Flavonoid Preparations fromL. Fruits-A Phytochemical, Antioxidant and Hemostasis Studies.
Molecules. 2020 Nov 18 ;25(22). Epub 2020 Nov 18. PMID: 33218202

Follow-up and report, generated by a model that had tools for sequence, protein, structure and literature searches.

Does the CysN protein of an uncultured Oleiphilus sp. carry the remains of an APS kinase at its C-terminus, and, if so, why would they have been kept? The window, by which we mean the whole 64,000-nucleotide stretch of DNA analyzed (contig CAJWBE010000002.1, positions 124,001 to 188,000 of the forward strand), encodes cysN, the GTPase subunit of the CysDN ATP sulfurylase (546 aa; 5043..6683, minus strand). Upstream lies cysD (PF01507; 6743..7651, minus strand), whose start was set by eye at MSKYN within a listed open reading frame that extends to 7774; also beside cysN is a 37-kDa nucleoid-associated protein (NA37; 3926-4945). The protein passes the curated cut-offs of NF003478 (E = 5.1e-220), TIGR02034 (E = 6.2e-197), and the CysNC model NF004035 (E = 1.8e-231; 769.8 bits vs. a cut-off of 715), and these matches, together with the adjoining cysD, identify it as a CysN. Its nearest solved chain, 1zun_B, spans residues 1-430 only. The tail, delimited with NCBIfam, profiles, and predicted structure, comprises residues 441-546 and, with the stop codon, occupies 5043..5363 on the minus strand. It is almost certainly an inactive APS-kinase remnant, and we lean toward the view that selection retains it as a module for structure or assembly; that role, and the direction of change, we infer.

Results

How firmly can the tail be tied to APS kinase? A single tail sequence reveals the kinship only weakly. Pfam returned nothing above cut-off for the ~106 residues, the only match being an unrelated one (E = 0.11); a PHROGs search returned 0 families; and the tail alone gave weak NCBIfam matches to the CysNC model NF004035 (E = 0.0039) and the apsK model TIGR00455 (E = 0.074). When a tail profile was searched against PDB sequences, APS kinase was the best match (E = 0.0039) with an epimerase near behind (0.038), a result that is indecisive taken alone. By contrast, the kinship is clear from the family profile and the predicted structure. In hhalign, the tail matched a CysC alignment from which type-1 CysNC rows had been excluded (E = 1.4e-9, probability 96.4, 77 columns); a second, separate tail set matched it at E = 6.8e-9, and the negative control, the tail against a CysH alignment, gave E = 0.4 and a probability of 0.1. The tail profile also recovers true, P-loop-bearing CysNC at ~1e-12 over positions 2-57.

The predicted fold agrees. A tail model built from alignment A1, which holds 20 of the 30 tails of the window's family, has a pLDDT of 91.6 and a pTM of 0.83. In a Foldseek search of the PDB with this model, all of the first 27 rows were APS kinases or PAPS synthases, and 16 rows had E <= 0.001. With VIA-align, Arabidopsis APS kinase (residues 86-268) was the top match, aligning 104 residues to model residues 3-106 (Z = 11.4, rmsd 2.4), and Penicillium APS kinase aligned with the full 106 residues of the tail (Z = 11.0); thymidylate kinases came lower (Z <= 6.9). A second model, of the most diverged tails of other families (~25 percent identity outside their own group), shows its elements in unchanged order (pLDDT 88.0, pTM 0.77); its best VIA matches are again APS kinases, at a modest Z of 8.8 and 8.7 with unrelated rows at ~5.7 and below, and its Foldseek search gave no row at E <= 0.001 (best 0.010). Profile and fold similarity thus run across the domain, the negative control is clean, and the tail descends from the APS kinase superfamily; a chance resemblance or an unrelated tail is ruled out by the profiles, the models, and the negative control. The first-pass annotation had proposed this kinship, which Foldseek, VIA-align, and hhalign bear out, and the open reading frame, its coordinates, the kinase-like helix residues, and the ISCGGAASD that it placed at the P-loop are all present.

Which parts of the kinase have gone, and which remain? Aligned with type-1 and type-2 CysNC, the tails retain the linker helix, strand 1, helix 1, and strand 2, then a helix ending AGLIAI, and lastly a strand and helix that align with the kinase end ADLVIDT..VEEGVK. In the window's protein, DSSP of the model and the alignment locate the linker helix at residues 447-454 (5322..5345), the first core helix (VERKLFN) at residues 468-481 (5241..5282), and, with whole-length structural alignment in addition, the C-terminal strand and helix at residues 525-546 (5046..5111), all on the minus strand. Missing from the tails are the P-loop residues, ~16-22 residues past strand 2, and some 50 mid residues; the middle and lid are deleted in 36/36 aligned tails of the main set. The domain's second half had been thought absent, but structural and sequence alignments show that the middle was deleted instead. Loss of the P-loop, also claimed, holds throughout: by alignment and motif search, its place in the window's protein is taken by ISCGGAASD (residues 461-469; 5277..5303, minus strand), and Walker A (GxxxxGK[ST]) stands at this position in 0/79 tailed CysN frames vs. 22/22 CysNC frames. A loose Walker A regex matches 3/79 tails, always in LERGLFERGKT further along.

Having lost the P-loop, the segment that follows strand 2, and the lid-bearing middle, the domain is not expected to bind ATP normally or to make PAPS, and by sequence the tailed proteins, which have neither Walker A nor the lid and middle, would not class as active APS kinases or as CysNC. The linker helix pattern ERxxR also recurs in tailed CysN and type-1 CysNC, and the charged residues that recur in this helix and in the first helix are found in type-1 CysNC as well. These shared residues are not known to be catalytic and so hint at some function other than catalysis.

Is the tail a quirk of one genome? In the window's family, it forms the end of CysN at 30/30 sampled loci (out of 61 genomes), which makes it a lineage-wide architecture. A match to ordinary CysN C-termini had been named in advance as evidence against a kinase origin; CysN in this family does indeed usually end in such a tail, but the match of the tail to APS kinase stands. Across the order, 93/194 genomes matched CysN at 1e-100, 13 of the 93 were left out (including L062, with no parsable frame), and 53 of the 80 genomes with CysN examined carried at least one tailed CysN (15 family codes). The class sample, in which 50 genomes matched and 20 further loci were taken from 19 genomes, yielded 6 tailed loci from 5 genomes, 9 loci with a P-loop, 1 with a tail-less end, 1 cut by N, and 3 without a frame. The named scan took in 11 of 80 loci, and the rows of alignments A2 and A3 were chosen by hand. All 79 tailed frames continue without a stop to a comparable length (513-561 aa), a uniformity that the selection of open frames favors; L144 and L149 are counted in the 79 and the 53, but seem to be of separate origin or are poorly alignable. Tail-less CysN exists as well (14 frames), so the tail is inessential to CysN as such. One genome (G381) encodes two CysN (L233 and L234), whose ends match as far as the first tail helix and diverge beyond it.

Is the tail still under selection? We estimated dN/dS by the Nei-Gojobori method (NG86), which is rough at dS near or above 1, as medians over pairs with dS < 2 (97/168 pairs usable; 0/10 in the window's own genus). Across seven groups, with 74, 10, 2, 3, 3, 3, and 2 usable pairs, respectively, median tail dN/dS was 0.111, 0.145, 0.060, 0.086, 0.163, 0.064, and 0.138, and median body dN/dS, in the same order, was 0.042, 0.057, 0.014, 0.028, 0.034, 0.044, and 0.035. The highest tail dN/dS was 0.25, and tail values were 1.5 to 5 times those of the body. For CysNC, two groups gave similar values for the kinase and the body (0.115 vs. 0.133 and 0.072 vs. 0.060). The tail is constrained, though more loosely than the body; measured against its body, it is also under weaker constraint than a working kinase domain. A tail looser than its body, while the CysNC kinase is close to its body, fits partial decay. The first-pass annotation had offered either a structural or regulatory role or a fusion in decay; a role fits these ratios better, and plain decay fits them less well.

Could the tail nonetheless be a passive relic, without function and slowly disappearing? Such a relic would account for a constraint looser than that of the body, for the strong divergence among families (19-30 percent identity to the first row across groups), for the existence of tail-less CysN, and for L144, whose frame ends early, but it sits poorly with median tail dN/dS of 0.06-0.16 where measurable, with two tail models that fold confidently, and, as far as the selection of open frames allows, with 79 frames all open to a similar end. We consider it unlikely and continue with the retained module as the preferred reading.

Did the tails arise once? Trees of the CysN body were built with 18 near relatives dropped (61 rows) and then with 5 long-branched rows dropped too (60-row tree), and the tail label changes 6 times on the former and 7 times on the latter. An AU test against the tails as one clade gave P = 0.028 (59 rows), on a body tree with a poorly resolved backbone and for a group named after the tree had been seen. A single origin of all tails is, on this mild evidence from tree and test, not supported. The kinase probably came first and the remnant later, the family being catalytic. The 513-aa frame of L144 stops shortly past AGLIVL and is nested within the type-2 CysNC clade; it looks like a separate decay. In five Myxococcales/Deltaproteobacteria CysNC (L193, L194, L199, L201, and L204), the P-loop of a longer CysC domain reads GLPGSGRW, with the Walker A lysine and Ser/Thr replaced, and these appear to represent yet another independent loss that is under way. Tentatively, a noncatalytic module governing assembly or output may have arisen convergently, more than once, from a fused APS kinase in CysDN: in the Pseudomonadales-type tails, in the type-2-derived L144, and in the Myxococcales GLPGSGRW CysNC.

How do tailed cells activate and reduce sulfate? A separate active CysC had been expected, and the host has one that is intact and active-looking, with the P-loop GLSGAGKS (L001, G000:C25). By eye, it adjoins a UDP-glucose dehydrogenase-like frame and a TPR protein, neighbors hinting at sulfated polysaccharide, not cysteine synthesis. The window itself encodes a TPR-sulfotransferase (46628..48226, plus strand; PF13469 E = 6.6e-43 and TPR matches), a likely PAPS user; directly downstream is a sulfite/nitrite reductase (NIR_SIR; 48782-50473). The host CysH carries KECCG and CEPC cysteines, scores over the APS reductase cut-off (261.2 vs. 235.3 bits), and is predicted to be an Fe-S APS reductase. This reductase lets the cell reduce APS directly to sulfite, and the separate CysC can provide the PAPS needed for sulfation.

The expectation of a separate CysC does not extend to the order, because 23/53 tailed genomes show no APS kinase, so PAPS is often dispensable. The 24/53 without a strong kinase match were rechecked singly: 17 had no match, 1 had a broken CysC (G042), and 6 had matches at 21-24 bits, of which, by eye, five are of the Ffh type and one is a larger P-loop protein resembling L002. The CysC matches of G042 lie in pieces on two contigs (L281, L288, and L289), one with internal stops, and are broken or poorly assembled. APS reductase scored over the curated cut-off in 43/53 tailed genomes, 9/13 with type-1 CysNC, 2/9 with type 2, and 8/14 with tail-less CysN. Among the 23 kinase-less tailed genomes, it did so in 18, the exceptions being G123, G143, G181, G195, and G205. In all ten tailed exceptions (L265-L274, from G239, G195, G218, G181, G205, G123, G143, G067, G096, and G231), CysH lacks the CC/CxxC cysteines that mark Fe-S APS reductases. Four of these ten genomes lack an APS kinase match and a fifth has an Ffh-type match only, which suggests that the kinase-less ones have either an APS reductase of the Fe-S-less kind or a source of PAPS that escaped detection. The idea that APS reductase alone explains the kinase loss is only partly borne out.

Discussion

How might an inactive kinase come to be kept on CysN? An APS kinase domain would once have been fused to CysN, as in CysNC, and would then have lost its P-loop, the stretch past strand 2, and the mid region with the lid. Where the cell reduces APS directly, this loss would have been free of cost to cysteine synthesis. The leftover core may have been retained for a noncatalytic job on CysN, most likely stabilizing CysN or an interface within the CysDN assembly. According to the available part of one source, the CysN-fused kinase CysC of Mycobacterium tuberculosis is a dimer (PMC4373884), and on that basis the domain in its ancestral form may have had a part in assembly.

Dandelion (L.) roots, leaves, and flowers have a long history of use in traditional medicine. Compared to the above organs, dandelion fruits are the least known and used. Hence, the present paper was aimed at the phytochemical analysis offruit extract and estimating its antiradical, antiplatelet, and antioxidant properties related to hemostasis. Methanolic extract of fruits (E1), enriched with polyphenols (188 mg gallic acid equivalents (GAE)/g), was successfully separated into cinnamic acids (E2; 448 mg GAE/g) and flavonoids (E3; 377 mg GAE/g) extracts. Flavonoid extract was further divided into four fractions characterized by individual content: A (luteolin fraction; 880 mg GAE/g), B (philonotisflavone fraction; 516 mg GAE/g), C (flavonolignans fraction; 384 mg GAE/g), and D (flavone aglycones fraction; 632 mg GAE/g). High DPPH radical scavenging activity was evaluated for fractions A and B (A>B>Trolox), medium for extracts (Trolox>E3>E2>E1), and low for fractions C and D. No simple correlation between polyphenol content and antiradical activity was observed, indicating a significant influence of qualitative factor, including higher anti-oxidative effect of flavonoids with B-ring catechol system compared to hydroxycinnamic acids. No cytotoxic effect on platelets was observed for any dandelion preparation tested. In experiments on plasma and platelets, using several different parameters (lipid peroxidation, protein carbonylation, oxidation of thiols, and platelet adhesion), the highest antioxidant and antiplatelet potential was demonstrated by three fruit preparations-hydroxycinnamic acids extract (E2), flavonoid extract (E3), and luteolin fraction (A). The results of this paper provide new information on dandelion metabolites, as well as their biological potential and possible use concerning cardiovascular diseases.